LW: The cure is in the cause. Chasing symptoms is a vicious cycle. If these issues are affecting you in the workplace, they are also permeating your personal life. I am big on cutting to the cause because we can fake it all day long without any sustainable results. These things get ingrained through negative messaging from childhood to adulthood. Think back to who might have lied to you about yourself. What events may have occurred that caused you to question your capability? How have those lies penetrated how you think about yourself? Sometimes this takes the help of a mental health professional. But those roots have to be dug up or that tree will keep sprouting leaves.
As you are in situations where you feel inferior, consider that your frame of reference might be off (dirty lenses). Consider this truth: We don’t see things as they are. We see things as we are. That confusion often parades around in our heads as truth. By remembering this you can take a step back and reevaluate your self-perception to determine if you might be projecting a negative self-image as being the opinion of unsuspecting others.
The takeaway is this: What matters in your life is what you see in the mirror. If that is a distorted image, hire a mentor or a coach to help you clean up the lenses. They will push you past the fear, beyond which is accomplishment and surprising yourself as to what you truly have to offer.
MN: How and why did you start your company?
LW: The book. The company was born out of the healing I experienced through the writing process. As I grew emotionally and spiritually, my purpose and passions became clear enough that I knew that the only revenge I was allowed to take on my past was to make it count. For me, that means facilitating the destiny of others. I tell my clients that my purpose is helping them to find their purpose; and my destiny is facilitating theirs.
MN: What were some major startup challenges?
LW: Funding and marketing are huge challenges for startups. The Catch-22 of needing to market the business in order to make it financially viable is a delicate balance in the beginning. Without the business bringing in resources, you can’t afford the type of marketing you need; and without marketing, you can’t bring in the resources.
I also found that I wasted a lot of money on marketing opportunities that resulted in no return of the investment. It took time to learn that anybody can make an exciting pitch, but I had to dig deeper to determine what might result from the service. I saw a lot of this once I published the book.
The other challenge is branding. This was a tough nut to crack. Who you are, including your personal values, should guide your branding decisions. Some have said that your brand exists in the mind of the public. To be sustained, it has to be consistent and aligned with your purpose and mission.
MN: What are some of your services?
LW: Whose Apple Dynamic Coaching is for anybody who is struggling with the frustration of not knowing their true purpose and fed up with agonizing over the disappointment of wondering why their current reality doesn’t align with the life, relationships or career of their dreams. We provide individual or group life coaching, keynote speeches, training, presentations and seminars that expose a secret command center that empowers breakthroughs. We accomplish this through our Guided Power Strategy (GPS), which is what I call your Road Map to Destiny. It’s a lot of fun changing lives, my friend. It’s hard to consider this “work”!
MN: How did you bring your life lessons to your business?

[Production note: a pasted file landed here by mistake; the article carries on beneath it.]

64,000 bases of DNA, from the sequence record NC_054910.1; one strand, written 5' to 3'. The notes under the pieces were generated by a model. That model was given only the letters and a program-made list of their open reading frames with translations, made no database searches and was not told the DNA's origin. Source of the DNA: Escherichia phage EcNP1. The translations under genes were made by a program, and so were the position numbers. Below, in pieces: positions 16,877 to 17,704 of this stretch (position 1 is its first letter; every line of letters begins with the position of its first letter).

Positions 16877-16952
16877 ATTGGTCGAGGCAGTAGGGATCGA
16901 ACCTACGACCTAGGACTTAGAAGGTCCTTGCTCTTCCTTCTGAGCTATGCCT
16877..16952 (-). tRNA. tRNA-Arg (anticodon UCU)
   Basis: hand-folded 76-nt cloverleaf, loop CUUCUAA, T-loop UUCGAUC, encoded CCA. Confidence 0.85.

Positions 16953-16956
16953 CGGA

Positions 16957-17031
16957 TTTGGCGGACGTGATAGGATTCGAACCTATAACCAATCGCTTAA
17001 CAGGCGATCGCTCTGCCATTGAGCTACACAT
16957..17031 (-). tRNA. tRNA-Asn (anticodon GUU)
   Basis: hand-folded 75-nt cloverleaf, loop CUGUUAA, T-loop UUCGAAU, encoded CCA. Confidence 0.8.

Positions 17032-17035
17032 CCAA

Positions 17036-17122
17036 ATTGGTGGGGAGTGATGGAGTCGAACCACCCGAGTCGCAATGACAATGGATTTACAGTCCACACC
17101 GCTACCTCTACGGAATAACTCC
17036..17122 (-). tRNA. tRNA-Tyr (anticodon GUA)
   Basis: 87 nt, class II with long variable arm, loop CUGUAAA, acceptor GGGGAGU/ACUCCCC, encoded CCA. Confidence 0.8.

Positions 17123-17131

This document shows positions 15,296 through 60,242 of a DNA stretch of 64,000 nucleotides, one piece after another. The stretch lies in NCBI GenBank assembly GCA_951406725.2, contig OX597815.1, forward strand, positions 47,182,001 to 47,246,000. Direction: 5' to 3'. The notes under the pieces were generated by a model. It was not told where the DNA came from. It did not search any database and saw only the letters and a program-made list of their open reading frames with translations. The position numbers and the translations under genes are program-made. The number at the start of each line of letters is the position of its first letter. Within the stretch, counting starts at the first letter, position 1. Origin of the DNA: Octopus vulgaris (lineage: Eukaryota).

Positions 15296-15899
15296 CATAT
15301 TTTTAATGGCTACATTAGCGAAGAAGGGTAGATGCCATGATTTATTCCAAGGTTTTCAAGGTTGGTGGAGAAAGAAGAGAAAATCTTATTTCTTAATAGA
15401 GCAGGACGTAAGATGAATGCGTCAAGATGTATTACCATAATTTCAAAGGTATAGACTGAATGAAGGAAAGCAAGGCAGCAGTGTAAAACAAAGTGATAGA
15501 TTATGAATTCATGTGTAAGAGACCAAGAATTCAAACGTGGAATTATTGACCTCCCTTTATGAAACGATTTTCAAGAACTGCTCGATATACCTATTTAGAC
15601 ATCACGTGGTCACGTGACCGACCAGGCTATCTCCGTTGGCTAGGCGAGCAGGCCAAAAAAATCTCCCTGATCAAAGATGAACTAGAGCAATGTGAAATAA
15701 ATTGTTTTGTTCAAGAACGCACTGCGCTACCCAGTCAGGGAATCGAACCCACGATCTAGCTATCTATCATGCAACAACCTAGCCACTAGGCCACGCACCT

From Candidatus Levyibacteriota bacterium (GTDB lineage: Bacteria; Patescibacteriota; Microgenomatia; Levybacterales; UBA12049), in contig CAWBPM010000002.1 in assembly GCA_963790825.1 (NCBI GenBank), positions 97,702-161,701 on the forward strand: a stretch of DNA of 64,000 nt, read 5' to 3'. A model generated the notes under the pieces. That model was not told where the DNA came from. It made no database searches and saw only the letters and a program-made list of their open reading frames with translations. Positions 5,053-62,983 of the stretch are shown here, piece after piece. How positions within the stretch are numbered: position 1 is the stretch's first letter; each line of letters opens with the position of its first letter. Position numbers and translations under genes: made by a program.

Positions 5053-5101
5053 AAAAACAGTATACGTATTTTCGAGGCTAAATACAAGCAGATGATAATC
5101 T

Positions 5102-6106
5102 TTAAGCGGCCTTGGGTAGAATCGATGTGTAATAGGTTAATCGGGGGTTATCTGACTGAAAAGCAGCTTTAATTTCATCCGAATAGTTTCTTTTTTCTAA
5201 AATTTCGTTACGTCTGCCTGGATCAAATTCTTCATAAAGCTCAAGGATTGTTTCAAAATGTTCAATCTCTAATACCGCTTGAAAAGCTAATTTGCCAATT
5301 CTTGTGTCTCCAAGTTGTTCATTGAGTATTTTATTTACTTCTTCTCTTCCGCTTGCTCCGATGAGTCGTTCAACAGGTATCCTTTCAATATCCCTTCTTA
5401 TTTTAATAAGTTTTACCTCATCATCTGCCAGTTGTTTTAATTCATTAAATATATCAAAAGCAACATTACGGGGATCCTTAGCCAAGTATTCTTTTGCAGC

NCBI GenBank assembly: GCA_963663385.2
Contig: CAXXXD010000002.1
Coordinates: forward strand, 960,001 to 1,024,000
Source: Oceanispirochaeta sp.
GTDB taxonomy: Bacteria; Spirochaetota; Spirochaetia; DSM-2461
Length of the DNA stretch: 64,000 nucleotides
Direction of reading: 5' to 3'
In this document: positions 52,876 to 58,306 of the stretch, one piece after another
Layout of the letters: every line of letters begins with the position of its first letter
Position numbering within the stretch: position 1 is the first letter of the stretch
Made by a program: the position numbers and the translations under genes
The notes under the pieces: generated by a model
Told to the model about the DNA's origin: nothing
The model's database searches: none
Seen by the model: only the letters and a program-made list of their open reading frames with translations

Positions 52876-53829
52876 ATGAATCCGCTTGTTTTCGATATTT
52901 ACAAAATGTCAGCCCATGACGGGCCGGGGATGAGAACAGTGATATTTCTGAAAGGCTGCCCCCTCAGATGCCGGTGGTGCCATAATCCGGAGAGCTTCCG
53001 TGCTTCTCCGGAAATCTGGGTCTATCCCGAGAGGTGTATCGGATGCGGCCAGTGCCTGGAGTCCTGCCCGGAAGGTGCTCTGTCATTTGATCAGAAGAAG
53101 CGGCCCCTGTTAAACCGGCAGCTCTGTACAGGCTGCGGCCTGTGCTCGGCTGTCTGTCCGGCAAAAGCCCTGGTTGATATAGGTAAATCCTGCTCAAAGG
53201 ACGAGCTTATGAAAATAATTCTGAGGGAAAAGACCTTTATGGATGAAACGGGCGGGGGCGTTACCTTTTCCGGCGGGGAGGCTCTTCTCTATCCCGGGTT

LW: The power of this business is a been-there-done-that perspective that, in tandem with my psychotherapy training, behavioral science background, and strong faith, gives me insight into what lays between the lines of people’s stories. The things they don’t say. Those stories that they think are too true to tell. These untold stories become the scripts by which they live their lives. It took me decades to figure it out and it breaks my heart to watch others going through it.
MN: What has been the best business lesson you have learned?
LW: My entrepreneurial life lesson is this: know who you are, stay in your lane, and maintain pitbull focus on mission, values, and purpose. Hold every opportunity to the light of that purpose; and, in the trenches, always play to a purpose higher than the game.
MN: Looking back to when you were younger, could you picture yourself where you are today?
LW: Wow. What an insightful question. You know, yes and no. Something in me, as a child, felt that I would be famous one day. How, I didn’t know. But, it was as plain to me as this gap in my teeth. I didn’t express that to anybody, it was a knowing in my soul. After enduring so much and being twisted out of character, I lost that knowing.
Oh, wait! I was really into music back then. I played guitar, wrote poetry and songs. I was even in a little gospel group. I did some acting and I remember loving the theatre scene. Wow. The memories! I went to state in the high school speech contest, won talent shows. I don’t remember thinking it would go any further than that, though.
So, when I wandered into Studio A at Universal Recording Studios decades later, nobody could have told me I’d be co-writing songs with Grammy winning songwriter and arranger, Eugene B. Record. We wrote for years and the Chi-lites recorded three of our songs. It was 24 years before it dawned on me that I was under the tutelage of people who were to Chicago music what Berry Gordy was to Motown. I could drop some names, boy!
Wait a minute. OK. I get it now. That golden thread I mentioned earlier, must have been destiny’s lifeline. No matter how life has led me down winding roads, some dark, some barely lit. No matter how life’s rotten apples have littered up my harvest along the way. Regardless of bad decisions and experiences that tried to lead me to deny my destiny. Destiny did not deny me.